The Doctrines of Vicarious Liability, Negligent Entrustment, and Respondeat Superior

One of the most critical decisions that must be made early on in a Maryland personal injury case is which parties to name as defendants and which claims to pursue. This is particularly important in Maryland truck accidents because truck drivers are frequently working at the time of the accident. Thus, the circumstances of a truck accident often mean that a truck driver’s employer and the owner of the truck should also be considered as potential defendants.

Under Maryland law, there are several theories of liability that may come into play in truck accident cases. A recent case discusses two commonly conflated claims, and illustrates why they are unique from one another.

The Facts of the Case

The plaintiff was killed in a motorcycle accident when a truck driver attempted to make an improper left turn as the plaintiff approached the intersection. The truck driver was working at the time of the crash, and was later found to be under the influence of prohibited prescription medication.

The plaintiff filed several claims against the employer of the truck driver. First, the plaintiff claimed that the employer was liable for the truck driver’s negligent actions based on the theory of respondeat superior. The doctrine of respondeat superior allows for an injury victim to hold a negligent party’s employer liable for their injuries if the actions that gave rise to the plaintiff’s injuries were within the scope of the employment. Importantly, a plaintiff does not need to establish that a defendant employer was negligent to succeed on a respondeat superior claim because liability is premised on the relationship between the employer and the employee rather than on the employer’s actions.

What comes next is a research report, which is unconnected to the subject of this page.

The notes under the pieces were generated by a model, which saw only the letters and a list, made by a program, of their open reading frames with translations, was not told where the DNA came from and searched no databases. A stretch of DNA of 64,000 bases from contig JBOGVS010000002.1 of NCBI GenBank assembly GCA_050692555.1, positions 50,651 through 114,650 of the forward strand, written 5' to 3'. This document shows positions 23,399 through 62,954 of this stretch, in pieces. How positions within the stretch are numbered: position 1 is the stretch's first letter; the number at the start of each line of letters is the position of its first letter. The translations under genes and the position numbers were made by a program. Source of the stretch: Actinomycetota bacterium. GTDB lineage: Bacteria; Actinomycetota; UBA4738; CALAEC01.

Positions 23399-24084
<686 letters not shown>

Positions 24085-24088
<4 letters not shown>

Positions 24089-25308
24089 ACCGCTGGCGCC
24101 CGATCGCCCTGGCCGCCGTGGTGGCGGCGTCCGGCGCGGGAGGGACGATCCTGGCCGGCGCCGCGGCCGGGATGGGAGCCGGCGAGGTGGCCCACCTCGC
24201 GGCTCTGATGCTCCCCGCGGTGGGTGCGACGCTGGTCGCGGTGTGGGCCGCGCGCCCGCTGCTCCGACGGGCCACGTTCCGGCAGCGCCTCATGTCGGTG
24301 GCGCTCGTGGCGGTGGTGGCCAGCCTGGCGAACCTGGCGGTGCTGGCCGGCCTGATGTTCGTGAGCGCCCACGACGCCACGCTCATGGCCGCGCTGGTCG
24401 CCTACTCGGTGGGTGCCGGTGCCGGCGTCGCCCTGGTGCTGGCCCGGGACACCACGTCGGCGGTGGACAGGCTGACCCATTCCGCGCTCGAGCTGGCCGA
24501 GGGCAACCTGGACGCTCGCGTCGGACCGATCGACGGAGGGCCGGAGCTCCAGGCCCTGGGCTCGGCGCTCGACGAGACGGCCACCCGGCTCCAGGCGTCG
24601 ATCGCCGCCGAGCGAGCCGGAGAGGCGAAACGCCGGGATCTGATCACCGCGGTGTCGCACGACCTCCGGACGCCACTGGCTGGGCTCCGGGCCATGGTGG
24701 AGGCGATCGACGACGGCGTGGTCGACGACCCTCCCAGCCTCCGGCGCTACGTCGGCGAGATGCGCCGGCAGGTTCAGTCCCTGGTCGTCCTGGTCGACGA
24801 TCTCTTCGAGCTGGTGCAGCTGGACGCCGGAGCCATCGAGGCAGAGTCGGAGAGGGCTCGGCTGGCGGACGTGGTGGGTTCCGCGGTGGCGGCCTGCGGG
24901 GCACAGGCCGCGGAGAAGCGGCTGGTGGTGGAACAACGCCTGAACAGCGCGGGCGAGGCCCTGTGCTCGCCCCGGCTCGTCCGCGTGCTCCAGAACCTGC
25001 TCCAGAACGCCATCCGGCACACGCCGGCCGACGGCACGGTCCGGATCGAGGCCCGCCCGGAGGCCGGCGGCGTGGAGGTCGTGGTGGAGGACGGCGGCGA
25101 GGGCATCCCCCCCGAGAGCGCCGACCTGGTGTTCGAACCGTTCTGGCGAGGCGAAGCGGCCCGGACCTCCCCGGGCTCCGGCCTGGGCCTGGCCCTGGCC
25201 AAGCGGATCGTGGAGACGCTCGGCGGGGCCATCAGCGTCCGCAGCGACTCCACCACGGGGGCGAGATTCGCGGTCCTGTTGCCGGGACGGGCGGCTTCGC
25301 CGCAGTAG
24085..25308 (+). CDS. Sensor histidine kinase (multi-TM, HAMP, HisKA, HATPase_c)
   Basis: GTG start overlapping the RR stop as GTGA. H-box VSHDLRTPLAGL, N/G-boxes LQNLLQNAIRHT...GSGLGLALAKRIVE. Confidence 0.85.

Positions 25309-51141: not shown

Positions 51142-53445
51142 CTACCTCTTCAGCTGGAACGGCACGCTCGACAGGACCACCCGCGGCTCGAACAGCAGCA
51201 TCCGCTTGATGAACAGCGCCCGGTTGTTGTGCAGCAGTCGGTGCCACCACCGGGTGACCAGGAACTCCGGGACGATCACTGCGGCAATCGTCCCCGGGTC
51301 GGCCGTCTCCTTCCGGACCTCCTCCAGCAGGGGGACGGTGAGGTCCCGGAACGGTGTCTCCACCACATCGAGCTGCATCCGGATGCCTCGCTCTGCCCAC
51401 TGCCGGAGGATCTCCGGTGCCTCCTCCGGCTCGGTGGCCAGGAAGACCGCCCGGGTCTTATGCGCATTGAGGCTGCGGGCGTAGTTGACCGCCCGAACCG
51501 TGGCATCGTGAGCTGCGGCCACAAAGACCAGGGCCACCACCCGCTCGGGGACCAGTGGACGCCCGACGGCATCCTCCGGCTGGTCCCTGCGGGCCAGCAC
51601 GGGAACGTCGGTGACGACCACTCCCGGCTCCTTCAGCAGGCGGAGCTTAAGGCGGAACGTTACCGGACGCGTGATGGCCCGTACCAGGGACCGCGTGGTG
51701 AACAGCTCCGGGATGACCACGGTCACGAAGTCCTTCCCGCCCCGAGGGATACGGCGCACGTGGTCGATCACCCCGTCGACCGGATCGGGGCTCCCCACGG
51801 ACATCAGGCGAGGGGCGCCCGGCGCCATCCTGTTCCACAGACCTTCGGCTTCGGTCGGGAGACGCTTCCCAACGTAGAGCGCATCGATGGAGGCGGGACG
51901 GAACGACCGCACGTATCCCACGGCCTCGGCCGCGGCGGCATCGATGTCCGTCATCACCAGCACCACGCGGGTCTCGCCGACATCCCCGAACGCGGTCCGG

Additionally, the plaintiff claimed that the employer was liable under the theory of negligent entrustment. In this claim, the plaintiff argued that the employer was negligent for allowing the truck driver to operate a large and potentially dangerous vehicle. Negligent entrustment claims require the plaintiff show that the defendant was negligent in placing a “dangerous instrumentality,” i.e., a vehicle, in a third-party’s care.

The defendant employer admitted that the employee was acting within the scope of his employment, and then argued that because of this admission it could not be liable under a negligent entrustment theory. However, the court rejected the employer’s argument, explaining that the two theories are separate and distinct. The court explained that employers who are alleged to have hired “unfit and unqualified drivers cannot insulate themselves from a negligent entrustment claim simply by stipulating that the employee driver was acting in the course and scope of employment.”

Have You Been Injured in a Maryland Truck Accident?

If you or someone you love has recently been injured in a serious Maryland truck accident, you may be able to recover compensation for the injuries or losses you have sustained. The dedicated Maryland personal injury lawyers at the law firm of Lebowitz & Mzhen, LC have extensive experience representing injury victims and their families in truck accident cases across Maryland, Virginia, and Washington, D.C. We also provide free consultations to meet with prospective clients and discuss their situation. To learn more, call 410-654-3600 to schedule your free consultation today.

More Blog Posts:

What Is an Insurance Guaranty and How It Can Help Maryland Accident Victims Recover for Their Injuries?, Maryland Trucking Accident Lawyer Blog, published October 17, 2018.

Liability in Maryland School Bus Accidents, Maryland Trucking Accident Lawyer Blog, published October 3, 2018.

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